Have you ever had a young dream settle behind you like dust on a country road? Often the dream never surfaces as reality takes precedence over making a living and paying the bills. For one Texan a job transfer stirred up a dusty dream.
1934 – 2006
Don Walser was born in Brownfield, Texas and grew up playing country western music and formed his own small band at age sixteen. He even opened for Buddy Holly later. While rock and roll was taking off, he choose to stay in the Texas Panhandle to raise a family instead of going to Nashville to pursue a career in music. He worked as a mechanic and then as an auditor for the National Guard while he continued to play his music locally with a band he had formed. A job transfer by the National Guard to Austin, Texas in 1984 brought his dreams closer
With Austin as a substitute for Nashville, Walser continued with his music in a city known for its progressive country style of music and for showcasing new talent. Ten years later at the age of sixty he retired from the National Guard and devoted his time to his real passion.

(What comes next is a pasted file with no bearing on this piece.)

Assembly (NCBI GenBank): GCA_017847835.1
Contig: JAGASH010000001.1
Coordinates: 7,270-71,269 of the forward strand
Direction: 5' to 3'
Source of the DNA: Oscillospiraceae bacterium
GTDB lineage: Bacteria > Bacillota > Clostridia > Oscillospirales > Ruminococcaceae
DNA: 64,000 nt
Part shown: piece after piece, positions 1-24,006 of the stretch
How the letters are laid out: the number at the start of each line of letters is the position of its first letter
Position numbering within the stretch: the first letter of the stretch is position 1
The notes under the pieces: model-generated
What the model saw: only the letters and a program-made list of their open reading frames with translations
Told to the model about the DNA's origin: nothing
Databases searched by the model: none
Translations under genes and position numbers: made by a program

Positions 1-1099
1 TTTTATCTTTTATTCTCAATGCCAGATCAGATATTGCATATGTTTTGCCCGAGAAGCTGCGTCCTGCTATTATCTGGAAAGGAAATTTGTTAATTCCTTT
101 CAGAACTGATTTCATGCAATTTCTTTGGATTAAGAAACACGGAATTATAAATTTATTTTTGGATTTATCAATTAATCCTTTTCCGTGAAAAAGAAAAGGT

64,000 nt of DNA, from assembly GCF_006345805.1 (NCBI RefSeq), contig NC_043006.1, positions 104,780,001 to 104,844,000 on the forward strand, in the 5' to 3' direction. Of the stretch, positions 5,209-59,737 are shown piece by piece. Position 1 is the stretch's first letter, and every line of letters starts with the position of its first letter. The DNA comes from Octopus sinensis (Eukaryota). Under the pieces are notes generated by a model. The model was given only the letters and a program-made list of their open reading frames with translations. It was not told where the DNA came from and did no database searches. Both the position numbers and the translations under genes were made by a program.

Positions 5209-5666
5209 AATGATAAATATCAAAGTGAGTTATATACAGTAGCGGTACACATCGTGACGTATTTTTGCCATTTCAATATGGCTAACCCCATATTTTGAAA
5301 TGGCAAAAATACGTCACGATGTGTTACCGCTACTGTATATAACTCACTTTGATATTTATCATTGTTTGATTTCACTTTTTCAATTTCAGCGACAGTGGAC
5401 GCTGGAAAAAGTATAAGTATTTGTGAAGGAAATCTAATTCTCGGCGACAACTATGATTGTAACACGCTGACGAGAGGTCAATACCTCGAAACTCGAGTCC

A recording contract soon came his way and he gained a wider audience. Walser played and sang mainly the old country and western songs and could yodel like the best of the old-timers. Surprisingly, he recorded with the Kronos Quartet; his rendition of “Rose Marie” with them is incredible. A reviewer in Playboy dubbed him “the Pavarotti of the Plains.” Many awards came to him and his Pure Texas Band; his music was featured in several movies. He played at the Grand Ole Opry and the Kennedy Center for Performing Arts. His last video was “Hot Rod Mercury.”
In 2003 he retired from performing due to health issues. He died in 2006 of complications from diabetes.
Check out his magnificent version of “Danny Boy.” Is your dream dusty?